The present and the future is bright for Southern California’s rockers, Joyous Wolf. Since forming the band in 2014, they have been wowing audiences with their refreshing brand of bluesy, modern-style, classic hard rock sound and electrifying live performances. A huge part of that onstage electricity is powered by lead vocalist Nick Reese who impressively channels his inner James Brown and Jim Morrison as he shakes and shimmies like a bonafide old soul frontman – ladies beware. Throw in some jumps, a flip, and a few splits that would make David Lee Roth stand up and take notice, a tremendous voice that are equal parts Eddie Veder, Bob Seger, and Robert Plant, and you have one dynamically entertaining individual in Reese.
Make no mistake, however, the rest of the group are no slouches either. Drummer, Robert Sodaro, who originally met Reese back in the sixth grade, provides the powerful and soulful backbeat for the quartet. Greg Braccio, who brings his bluesy bass-plucking skills to the mix, first met Sodaro back in the private high school they both attended. Guitarist, Blake Allard embodies a bit of fellow Gibson axe-wielder Jimmy Page, particularly during his tripped-out slide guitar moments and mind-blowing solos. By sheer chance, Allard was first discovered by Reese in the acoustic room at a local Guitar Center. The whole encounter only lasted about 15 minutes and included a Creedence Clearwater Revival, “Born on the Bayou” jam session before the two ended up exchanging contact info to form Joyous Wolf soon after with the other members.
Roadrunner Records quickly signed the band after briefly seeing them perform live in 2017 and they’ve been on fire ever since. Their first single “Mountain Man” was followed up last year by November’s release of a cover of Mountain’s “Mississippi Queen,” and original song “Slow Hand” simultaneously. After months of whetting fans’ appetites for what may well be the next wave of groundbreaking rock music, let’s take a deep dive into the debut release of ‘Place in Time’ from Joyous Wolf.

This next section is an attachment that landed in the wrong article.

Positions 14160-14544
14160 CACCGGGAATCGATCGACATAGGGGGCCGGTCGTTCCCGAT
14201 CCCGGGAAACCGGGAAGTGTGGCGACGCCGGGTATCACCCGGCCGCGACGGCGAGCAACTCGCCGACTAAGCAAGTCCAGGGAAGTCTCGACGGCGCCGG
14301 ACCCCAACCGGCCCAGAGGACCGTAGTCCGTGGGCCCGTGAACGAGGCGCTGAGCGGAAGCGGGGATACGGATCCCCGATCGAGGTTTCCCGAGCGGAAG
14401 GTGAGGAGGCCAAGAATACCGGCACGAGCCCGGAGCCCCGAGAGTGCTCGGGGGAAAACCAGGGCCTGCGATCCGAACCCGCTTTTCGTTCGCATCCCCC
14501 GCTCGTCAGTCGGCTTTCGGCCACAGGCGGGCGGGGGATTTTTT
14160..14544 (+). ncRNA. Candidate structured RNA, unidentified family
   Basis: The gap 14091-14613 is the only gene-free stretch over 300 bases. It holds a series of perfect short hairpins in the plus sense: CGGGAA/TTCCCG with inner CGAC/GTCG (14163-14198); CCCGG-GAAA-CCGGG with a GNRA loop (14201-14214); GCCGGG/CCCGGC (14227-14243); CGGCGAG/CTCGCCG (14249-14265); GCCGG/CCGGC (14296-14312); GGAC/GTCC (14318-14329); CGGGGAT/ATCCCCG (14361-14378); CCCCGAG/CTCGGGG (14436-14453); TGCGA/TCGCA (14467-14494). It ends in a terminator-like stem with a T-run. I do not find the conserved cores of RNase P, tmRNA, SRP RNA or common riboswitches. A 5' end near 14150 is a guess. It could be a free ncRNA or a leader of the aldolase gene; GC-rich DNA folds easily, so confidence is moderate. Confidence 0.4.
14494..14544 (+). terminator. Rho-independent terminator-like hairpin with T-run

Straight out the gate, track one “Had Enough” sets the table as the high-energy opener. Its start-stop dynamics give a glimpse of the band’s full arsenal, yet I couldn’t help wishing for some cowbell during the bridge and chorus (not kidding) – It just seemed to make sense for some reason. “Quiet Heart” is a radio-ready single that provides Sodaro the appropriate platform to display his impressive drumming ability. Thankfully, this continues to be the case throughout the EP, as Sodaro crushes the kit in a way that confirms what we all knew he was capable of. “Said Too Much” is just more of a good thing with all elements falling neatly into place. As a nod to the excellent production, this track conveys the energy of a live performance (in the best possible way), with each member finding the pocket and grooving out to their fullest potential. Track five, and my personal favorite, “Feel the Low” is the album’s sole ballad. From start finish, the emotion and musicianship pair together to create the most powerful track of the bunch. Its unexpected twists and heartfelt climax will keep you coming back over and over again. It’s songs like these that make you realize rock is far from dead (as long as you’re doing it right). Joyous Wolf definitely does it right. “Mother Rebel” infuses a little attitude and a badass guitar solo, while album closer “Undesired” reminds us of the power this band is capable of in true catchy, guitar-drenched rock n’ roll fashion.
Overall, there’s nothing to say about this album other than if this isn’t in your car stereo at this moment, you’re doing something wrong. Hell, just earlier today I saw some people nodding their head at me while I was blasting this out my truck windows in the mall parking lot. Don’t judge what I do in my spare time, just get your hands on this album. This band is most definitely going big places, and I’m glad to have gotten to witness their rise from the ground floor.